I was doing some reading and saw that he went through multiple iterations of the building and, at first, the scientist that was in charge of approving the designs was mad. He said like, “Oh, it’s just a, like, it’s just a tall building,” or like, “It’s like, just like, two tall buildings,” or something. And he meant in the scientific like, rigor type of way and like, really angered I.M. Pei. (Faith: <Laugh>.) And then he came back with this like, idea, like, multiple small, like five-story buildings that are like a village and this idea of the maze-like cubist structure to make the scientists interact with each other. (Faith: <Laugh>.) Which, once again, I find hilarious, but it turns out that they were still friends until he died, so… (Faith: Oh, wow.) Apparently it didn’t anger the scientists too much, so that’s good.
I feel like if I lived close to this building, I would be convinced it almost looks like there are little like, robots like looking through binoculars or something. (Chris: <Laugh>.) Okay. Well, we’ll talk about one technical topic here, which is just the insane amount of data that’s required for any sort of study of weather. And I think like, because weather feels so confusing to me, I do not understand how models work, how to read any of that. I’m not Tyler. It almost feels like, the Farmers’ Almanac, to me, almost feels like, similar to astrology <laugh> in a way, where it’s like this…I dunno if I really believe this, but it turns out that there’s an insane amount of data that goes into any sort of like, weather science or predictive, you know, weather studies. And I did not realize that there were whole languages like, programming languages designed to handle that kind of data.
Yeah. I mean, I think this is like, especially relevant now, and I think it’s, you know, it’s really, there’s been that like, it’s especially relevant now, looking at this, for better or worse, like emergent AI technology and how fast everything’s advancing, but there’s always been this like, difference between the American and European model of storm tracking, right? And I think it’ll be really interesting to see just how accurate everything can get, and this is like, coming from someone living on a small island in Carolina. But it definitely makes sense that the like, this laboratory has played a role in the development of supercomputers, right?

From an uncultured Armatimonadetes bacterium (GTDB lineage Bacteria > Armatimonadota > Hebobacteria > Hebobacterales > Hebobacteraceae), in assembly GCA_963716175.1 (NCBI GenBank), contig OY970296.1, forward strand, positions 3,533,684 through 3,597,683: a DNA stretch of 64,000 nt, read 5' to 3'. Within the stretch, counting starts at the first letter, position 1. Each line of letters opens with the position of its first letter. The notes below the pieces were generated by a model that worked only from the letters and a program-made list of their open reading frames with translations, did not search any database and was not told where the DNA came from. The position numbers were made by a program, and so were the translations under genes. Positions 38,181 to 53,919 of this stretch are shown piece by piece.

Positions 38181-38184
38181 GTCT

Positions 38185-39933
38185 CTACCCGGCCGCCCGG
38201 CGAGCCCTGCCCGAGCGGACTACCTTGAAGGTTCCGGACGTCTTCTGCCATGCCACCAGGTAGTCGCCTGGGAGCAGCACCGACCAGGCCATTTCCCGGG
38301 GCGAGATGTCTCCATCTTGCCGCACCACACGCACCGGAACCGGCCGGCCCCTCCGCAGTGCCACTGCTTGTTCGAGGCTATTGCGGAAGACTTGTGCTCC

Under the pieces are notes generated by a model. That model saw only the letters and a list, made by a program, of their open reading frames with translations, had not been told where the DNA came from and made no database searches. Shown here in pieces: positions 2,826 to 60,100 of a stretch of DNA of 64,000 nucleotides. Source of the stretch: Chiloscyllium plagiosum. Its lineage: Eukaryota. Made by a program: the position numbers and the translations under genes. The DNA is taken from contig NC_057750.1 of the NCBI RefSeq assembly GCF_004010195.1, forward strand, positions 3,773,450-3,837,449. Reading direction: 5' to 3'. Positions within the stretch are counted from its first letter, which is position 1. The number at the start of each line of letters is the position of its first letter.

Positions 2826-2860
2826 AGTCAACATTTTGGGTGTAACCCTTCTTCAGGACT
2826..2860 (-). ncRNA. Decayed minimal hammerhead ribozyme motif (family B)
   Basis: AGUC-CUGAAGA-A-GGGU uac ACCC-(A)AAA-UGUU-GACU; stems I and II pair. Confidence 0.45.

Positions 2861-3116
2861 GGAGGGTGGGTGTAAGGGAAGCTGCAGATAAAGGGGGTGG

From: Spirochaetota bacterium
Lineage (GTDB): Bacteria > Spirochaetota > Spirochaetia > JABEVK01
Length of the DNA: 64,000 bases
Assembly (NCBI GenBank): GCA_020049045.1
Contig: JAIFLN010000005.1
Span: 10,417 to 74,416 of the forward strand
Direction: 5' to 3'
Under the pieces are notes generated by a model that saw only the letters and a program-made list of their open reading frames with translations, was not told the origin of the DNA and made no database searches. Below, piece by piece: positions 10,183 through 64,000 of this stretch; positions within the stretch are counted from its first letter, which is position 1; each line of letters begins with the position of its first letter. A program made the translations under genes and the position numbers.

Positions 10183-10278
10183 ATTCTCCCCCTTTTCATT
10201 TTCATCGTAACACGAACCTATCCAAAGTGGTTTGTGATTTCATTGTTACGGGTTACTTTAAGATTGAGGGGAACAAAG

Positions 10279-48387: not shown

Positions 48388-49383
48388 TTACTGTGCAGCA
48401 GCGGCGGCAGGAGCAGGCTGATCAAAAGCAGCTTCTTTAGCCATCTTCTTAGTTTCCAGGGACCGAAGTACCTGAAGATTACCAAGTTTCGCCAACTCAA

Mm-hmm <affirmative>. I mean, what better field of study than weather to test the bounds of a supercomputer? Well Chris, I have a new place that I need to visit and that is Boulder, Colorado, specifically to see this crazy looking building, and I will hit you up for recommendations while I’m there.
Yeah. Have you, speaking of weather predicting, (Faith: Mmm <affirmative>.) have you heard of this bird called the veery? (Faith: No.) There are these birds that are these like, tiny little birds that are a species of thrush that migrate from like, the northeast, and I think like, the guy that studies them is like, primarily in like, Massachusetts I wanna say. (Faith: Mmm <affirmative>.) But they migrate down to South America, and he studies the time of year that they leave and migrate back. And the time of year that they leave predicts the severity of the Atlantic hurricane season better than a lot of leading meteorological models.
Yeah, in the past, and there was a 2019 study that showed that they were more accurate than a bunch of models were. So…
Oh my gosh. This cute little guy?
Oh my goodness. Just a little meteorologist bird. That’s wild. Okay, I will add that to my immediate consumption list. I’m currently in the middle of the like, elephants docu-series. It’s been a journey.
Is that the one with the Don?
No. The who?
The…on National Geographic?
<Scoff>. It’s Natalie Portman who does like, the voice, not voiceover. Natalie Portman. Elephants. Secrets of the Elephants. Yeah, it’s on National Geographic. Yeah.
I just saw an ad for it with an elephant who collects a toll on a highway in Thailand that is used for transporting sugar cane, and he smells out when trucks are coming that have high quality or a lot of sugar cane and stops him and takes sugar cane from the trailer <laugh>.
Okay, I have not gotten to that episode yet. I watched the first episode, which is based in Africa, and I cried. It was a journey. (THE FRONTIER THEME FADES IN) So I will watch episode two tonight, and maybe I’ll get to see the tax collector elephants. If we are so lucky.
Well, Chris, this took a turn. This took a turn. (Chris: <Laugh>.) It was fun. We learned about tech history, we learned about birds. Hopefully everyone’s gonna watch this elephant documentary. Great episode, If I say so myself. Thank you for joining.
I don’t know how much we got into tech, but we discussed I.M. Pei, so that’s fun.
It’s, yeah. It counts as tech history.